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District Court Judge Wants State, Tribe To Settle Online Gaming Dispute

The Journal Record

The Iowa Tribe of Oklahoma is a step closer to launching its internet gambling site.

Tribal representatives met with a judge Tuesday as part of their efforts to open PokerTribe.com, The Journal Record’s Molly Fleming reports:

U.S. District Court Judge David Russell asked the parties to prepare and submit an agreed order by April 15. At that time, a decision could be made, or Russell could ask for more information. “The use of the Internet is merely using technology to play covered games as a way to increase tribal revenues,” [Arbitrator Charles] Chapel wrote. “It does not extend or restrict the scope of the games and does not amend the compact in any way. The compact and all its terms shall remain in force.”

In a response last month, the state said that there was no genuine dispute that would preclude summary judgment in favor of the tribe.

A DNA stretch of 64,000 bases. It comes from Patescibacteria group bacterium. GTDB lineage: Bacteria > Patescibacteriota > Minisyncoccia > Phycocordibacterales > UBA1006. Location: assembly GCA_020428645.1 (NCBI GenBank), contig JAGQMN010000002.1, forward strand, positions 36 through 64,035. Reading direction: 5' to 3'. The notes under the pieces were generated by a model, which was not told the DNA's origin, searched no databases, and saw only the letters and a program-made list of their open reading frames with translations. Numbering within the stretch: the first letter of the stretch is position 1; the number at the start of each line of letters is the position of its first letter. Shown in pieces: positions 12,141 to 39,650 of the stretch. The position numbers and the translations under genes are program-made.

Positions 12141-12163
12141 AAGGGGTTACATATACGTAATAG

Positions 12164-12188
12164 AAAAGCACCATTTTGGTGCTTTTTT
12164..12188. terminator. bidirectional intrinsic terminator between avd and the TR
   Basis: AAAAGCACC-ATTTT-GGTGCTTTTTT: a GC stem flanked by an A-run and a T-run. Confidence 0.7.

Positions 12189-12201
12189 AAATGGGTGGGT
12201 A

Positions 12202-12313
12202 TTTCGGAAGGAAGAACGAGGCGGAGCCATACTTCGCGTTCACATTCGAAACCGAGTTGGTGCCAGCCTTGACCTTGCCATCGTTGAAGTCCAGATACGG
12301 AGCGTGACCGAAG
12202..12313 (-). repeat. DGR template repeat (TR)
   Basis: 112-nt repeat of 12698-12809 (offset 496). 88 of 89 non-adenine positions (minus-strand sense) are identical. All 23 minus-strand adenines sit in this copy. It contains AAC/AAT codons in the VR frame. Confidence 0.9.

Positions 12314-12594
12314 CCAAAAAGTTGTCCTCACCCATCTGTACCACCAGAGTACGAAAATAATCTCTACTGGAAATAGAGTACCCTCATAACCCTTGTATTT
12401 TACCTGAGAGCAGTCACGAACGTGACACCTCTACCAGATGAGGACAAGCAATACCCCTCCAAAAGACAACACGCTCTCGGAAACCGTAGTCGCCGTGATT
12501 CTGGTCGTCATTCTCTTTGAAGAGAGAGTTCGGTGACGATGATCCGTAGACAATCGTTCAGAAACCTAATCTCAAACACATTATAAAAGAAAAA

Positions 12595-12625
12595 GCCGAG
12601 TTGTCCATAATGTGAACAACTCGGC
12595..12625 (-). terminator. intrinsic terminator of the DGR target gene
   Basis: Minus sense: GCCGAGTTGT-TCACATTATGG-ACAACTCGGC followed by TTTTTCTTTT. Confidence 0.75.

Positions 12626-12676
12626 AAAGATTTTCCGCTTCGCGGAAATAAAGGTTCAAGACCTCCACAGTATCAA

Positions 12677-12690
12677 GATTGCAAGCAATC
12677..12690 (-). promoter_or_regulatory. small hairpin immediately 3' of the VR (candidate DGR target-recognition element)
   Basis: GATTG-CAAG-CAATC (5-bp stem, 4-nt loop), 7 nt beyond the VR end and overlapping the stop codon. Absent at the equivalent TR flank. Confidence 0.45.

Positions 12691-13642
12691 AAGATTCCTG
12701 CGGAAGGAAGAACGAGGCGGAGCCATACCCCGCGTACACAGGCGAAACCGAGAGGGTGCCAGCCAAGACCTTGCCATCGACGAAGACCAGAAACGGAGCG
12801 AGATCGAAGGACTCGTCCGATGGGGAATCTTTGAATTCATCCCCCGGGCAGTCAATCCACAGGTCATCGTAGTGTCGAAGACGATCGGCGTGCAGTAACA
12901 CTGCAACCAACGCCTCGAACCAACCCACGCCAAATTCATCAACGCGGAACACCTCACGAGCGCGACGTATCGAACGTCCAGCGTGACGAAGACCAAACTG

Two other tribes have tried online gambling in recent years, Fleming writes:

In the 2000s, the Coeur d’Alene Tribe in Idaho tried to operate online gambling, but then-National Indian Gaming Commission Counsel Kevin Washburn issued a statement that it would constitute off-reservation gambling. Chapel stated in his arbitrator’s ruling that gambling is conducted where the computer server controlling the game is located. Therefore, the tribe could have an online gambling operation.

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